Was my home making all about flowers on the table and painted walls – is that what my children will remember – or is it comprised of something intangibly more?
Is it not something portable that can travel with me even if the walls of my home fall down?
Is it not more about the interior design of my heart than my skill at matching linens and towels?
When I dumped on my husband this week, was that the act of a homemaker? or a wrecking ball?
One of my lifetime proverbs has been from Proverbs 14:1 “The wise woman builds her house, but with her own hands the foolish one tears hers down.”
God is good and gracious and kind so He pulled me even deeper into His heart to remind me of His truths.
My home is with Him.
Jesus is preparing a place for me because one day, all of this will be behind us.
My desire for Him and to be a homemaker is from Him but it has more to do with the hospitality of an open heart and a schedule that makes room for the needs of others than with table decorations and warm lighting.
I’m glad God pushes me.
I wish I had walls and ceilings
but I’m glad God has given me time without them
so I know that I can be a homemaker even without a home.
What are you doing without right now and how are you reacting? Is God pushing you to work to the heart of your reaction in order to grow and to become more effective for Him?
Ask Him, would you? And then get some place alone and really listen.
When God gets His hands on the funk, everyone emerges better off for His touch.

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10 Comments

    The Conversation

  1. Rats, yet another post that will not let me just settle in and rest. Ah well, EMBRACE is my new word. The Lord is calling me to EMBRACE what He sends my way. I happen to have ceilings, walls, and floors, but I’m an ocean away from my ‘stuff’ as well as my children and grandchildren.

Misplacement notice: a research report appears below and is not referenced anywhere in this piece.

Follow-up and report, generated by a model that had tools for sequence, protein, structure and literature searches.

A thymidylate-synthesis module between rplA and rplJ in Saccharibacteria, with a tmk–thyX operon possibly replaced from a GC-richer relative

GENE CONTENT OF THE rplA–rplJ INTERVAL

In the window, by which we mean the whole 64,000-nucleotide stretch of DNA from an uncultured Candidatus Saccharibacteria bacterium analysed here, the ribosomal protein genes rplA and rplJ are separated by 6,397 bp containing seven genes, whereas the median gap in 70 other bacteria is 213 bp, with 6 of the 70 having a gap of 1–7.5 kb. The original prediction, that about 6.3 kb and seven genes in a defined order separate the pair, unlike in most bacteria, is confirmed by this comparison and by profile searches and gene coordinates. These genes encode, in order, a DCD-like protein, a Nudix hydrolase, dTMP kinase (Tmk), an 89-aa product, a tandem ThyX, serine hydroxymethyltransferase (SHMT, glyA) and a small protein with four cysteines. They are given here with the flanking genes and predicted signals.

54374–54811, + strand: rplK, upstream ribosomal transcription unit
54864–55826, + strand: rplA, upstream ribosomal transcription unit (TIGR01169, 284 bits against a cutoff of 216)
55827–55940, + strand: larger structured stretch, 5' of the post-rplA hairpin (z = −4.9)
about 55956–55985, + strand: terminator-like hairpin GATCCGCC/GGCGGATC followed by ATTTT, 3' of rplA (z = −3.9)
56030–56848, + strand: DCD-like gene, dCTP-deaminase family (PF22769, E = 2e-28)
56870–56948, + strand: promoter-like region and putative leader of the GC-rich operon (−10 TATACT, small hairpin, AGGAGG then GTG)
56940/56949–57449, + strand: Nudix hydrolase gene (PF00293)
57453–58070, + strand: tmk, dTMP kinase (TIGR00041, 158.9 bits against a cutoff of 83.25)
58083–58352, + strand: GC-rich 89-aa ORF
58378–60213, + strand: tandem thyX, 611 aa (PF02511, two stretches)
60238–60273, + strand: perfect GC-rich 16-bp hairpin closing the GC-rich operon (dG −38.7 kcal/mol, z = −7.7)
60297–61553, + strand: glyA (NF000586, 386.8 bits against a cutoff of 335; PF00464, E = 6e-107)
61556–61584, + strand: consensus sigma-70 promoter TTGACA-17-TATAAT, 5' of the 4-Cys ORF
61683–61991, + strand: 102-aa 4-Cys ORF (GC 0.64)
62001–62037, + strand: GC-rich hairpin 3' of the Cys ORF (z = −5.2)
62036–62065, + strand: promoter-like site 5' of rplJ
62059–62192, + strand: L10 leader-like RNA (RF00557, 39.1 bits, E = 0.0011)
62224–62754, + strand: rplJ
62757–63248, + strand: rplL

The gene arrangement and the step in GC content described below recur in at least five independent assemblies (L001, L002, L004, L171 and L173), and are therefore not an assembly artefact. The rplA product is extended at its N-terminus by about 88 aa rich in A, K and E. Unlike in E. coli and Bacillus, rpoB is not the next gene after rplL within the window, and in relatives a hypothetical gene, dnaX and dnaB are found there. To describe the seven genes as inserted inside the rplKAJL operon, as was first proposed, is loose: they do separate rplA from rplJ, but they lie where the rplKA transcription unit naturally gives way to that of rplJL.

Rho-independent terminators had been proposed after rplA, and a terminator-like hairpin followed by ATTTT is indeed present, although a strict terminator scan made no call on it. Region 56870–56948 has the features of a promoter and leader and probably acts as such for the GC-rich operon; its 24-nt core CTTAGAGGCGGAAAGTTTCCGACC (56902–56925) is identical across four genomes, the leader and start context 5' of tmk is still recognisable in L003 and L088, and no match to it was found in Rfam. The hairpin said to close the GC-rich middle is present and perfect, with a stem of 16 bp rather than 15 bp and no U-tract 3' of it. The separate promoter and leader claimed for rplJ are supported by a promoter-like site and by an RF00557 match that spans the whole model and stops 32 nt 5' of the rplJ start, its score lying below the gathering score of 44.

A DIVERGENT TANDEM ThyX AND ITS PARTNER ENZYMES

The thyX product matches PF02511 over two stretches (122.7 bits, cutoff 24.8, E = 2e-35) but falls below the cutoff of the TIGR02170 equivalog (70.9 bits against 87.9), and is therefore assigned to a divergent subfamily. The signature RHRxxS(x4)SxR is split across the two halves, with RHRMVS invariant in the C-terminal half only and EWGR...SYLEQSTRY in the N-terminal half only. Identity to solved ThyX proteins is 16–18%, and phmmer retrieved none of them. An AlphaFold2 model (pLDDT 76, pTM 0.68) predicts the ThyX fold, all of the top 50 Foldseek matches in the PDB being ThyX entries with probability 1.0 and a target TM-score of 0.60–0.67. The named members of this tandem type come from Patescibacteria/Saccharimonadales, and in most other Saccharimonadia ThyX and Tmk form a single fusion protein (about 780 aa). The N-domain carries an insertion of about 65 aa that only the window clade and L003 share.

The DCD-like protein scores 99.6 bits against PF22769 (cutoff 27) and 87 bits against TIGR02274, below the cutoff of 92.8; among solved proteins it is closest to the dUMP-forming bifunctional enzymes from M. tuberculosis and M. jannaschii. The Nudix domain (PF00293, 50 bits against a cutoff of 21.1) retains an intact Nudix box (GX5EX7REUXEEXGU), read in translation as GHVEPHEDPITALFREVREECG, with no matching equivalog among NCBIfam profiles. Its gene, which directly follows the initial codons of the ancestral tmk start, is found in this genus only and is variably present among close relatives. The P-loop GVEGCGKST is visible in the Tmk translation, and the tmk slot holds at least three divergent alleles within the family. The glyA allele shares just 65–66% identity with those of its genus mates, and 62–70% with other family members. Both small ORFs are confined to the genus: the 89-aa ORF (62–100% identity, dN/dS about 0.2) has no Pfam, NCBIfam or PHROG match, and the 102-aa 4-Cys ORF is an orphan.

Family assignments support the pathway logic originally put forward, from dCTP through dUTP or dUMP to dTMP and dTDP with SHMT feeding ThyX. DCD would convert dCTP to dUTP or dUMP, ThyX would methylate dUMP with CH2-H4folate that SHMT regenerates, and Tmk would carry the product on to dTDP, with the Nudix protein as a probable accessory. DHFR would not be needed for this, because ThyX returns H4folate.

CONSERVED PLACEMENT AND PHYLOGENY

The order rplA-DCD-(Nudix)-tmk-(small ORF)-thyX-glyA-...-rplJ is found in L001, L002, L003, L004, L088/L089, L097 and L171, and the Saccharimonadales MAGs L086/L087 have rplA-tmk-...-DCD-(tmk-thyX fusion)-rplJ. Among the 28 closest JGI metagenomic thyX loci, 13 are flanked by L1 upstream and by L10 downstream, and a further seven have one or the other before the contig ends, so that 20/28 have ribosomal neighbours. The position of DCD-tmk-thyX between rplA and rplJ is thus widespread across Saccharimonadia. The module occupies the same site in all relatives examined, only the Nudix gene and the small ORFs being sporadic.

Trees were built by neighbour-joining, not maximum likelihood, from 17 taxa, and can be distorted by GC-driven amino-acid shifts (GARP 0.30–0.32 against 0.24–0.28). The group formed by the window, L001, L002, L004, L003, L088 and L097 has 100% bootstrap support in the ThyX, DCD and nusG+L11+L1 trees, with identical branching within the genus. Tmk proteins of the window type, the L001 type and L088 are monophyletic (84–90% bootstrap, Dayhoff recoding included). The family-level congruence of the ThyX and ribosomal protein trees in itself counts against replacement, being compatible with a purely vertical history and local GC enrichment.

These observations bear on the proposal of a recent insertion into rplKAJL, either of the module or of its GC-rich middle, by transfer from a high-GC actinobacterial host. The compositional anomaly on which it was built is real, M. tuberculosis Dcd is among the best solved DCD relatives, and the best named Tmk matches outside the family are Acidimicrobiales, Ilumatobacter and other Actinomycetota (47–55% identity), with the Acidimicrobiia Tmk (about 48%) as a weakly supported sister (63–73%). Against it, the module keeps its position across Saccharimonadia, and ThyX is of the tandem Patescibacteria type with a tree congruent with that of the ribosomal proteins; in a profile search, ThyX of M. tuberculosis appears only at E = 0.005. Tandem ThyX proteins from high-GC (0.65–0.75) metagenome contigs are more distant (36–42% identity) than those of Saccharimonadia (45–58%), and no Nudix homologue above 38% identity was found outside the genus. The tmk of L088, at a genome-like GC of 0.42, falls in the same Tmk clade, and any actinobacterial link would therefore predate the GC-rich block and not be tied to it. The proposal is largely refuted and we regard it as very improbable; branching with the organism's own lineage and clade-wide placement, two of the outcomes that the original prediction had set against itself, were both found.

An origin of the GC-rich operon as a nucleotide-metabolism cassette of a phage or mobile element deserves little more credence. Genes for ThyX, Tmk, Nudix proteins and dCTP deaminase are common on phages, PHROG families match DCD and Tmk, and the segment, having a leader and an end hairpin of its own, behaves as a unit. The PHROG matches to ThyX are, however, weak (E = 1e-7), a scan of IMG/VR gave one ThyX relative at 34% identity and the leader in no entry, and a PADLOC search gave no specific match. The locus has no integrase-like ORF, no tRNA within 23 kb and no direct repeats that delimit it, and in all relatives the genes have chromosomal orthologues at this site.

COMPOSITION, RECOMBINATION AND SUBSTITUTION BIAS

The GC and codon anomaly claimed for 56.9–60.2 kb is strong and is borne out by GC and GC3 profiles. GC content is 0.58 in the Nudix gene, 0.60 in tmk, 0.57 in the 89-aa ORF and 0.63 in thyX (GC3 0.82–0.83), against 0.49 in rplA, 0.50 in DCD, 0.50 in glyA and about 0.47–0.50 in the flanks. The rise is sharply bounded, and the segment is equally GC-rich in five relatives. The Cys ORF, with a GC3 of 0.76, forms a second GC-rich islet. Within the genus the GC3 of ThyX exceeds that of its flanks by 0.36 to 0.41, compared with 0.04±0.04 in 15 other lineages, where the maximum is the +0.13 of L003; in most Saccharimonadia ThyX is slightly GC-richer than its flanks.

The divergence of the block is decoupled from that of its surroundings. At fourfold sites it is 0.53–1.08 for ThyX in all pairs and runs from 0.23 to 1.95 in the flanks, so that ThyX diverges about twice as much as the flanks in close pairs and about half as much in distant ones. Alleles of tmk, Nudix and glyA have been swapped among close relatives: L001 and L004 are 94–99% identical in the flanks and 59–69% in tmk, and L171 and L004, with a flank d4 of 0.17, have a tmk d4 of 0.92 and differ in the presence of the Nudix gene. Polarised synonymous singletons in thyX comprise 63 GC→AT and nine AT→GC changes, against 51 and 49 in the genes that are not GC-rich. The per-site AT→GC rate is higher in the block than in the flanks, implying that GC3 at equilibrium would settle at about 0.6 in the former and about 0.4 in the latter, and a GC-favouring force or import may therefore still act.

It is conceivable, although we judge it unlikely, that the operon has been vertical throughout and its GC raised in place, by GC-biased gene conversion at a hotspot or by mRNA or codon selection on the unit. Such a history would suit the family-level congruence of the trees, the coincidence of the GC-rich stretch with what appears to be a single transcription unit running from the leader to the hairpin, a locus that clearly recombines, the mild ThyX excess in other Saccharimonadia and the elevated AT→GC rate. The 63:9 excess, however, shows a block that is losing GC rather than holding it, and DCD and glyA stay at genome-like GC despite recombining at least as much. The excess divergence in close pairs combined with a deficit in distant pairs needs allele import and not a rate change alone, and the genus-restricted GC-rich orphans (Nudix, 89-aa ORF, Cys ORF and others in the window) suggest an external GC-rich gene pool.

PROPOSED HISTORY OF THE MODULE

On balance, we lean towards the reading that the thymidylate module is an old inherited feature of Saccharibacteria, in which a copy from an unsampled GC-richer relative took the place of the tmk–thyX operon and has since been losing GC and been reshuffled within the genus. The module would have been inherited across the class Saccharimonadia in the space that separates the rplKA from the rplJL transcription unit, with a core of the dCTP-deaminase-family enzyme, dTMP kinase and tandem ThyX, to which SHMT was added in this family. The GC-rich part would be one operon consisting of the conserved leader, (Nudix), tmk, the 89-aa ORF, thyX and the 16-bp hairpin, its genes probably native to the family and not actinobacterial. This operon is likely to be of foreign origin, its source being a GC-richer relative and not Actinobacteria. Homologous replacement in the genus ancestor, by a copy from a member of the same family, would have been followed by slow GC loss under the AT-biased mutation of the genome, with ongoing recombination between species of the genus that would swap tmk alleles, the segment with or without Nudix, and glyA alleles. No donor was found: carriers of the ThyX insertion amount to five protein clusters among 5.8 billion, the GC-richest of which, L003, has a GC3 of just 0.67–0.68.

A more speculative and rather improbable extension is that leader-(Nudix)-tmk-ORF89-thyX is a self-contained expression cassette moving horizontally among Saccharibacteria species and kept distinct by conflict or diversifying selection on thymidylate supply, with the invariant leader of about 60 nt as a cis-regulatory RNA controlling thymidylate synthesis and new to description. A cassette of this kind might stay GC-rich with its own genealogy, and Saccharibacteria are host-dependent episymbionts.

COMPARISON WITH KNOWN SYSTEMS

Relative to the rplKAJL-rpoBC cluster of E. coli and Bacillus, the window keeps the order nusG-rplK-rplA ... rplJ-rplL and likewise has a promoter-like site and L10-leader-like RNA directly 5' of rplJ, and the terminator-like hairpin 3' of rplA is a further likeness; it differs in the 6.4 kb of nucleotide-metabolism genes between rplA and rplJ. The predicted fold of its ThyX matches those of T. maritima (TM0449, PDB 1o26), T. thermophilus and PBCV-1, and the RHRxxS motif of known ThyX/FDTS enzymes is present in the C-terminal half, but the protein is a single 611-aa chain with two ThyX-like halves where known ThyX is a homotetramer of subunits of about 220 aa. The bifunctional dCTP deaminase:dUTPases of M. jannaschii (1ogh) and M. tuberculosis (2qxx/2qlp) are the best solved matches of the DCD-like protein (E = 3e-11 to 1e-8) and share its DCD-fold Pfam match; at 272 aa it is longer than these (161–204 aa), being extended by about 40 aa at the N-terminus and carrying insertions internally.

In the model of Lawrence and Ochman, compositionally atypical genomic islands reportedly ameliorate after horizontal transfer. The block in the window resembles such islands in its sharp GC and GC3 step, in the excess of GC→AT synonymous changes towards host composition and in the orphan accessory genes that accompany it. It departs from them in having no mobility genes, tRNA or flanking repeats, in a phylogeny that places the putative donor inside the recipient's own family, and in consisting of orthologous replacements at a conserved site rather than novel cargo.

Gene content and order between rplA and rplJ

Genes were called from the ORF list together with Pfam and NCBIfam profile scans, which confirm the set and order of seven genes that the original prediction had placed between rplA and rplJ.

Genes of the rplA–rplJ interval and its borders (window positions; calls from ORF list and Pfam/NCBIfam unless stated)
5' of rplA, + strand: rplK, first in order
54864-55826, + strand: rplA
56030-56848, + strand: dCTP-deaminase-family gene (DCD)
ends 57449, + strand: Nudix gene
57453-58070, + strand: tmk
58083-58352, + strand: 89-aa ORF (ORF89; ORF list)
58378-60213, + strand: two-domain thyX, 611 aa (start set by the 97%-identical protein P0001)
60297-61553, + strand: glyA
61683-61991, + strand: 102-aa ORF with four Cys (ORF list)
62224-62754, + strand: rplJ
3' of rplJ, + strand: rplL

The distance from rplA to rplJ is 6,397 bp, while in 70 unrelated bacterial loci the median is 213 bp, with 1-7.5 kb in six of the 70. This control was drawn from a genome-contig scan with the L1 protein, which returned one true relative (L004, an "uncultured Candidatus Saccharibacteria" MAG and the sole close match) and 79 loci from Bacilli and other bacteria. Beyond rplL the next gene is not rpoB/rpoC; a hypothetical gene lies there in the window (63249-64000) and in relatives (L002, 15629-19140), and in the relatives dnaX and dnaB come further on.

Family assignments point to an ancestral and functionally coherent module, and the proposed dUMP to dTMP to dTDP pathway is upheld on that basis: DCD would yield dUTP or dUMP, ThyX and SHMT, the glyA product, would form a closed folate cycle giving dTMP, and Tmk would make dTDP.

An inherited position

You’re right. Whenever God gets aholda my funk I’m breathless in His presence.

  2. Pam Manners says:

    Thank you, Lori. As usual, your posts always take me where I need to be….even if it’s not where I WANT to be.

  3. Anonymous says:

    Your house may not be a home because God’s home for you is not of this world. But I’ve seen the results of the love you share with people who have homes but feel alone and unloved. I’m one who has had the same home for 53 years but nothing in the home is as important as the people I call family. I wish I had as much love to give as you do on a daily basis! The old saying, “Home is where the heart is” tells me your feet may be on this earth, but your heart is right where God wants it to be–invested in people who need Him. You go, girl. MOMMA

  4. Well, this post hits home for me, as you well know. It’s hard to let go of our dreams when the Lord has different plans. Brutal, actually! But yes, He does some of His greatest surgery during these times if we let Him.

    As for your house, I can’t say I’d be happy living in renovations, either, but I can honestly see the vision. So much charm there! That front porch is right out of my imagination. I picture Jessie and Gemma sitting there sipping some sweet tea. Or you and me someday. There’s something to look forward to!

    • I do sit on the porch a lot. One day, you’ll have to visit, Jen, but right now, you’d have to sleep on the porch, too. It’s beautiful out there until a month from now when the bats return and take up residence. oh yeah, lots of bats. 🙂

  5. So so good! I love the part about the ripple hitting the rest of us in Calif. so funny. I also love your conversation with God , He knows how to go deeper than we want but then we are totally thankful that He loved enough to go there. Blessings Lori, Susie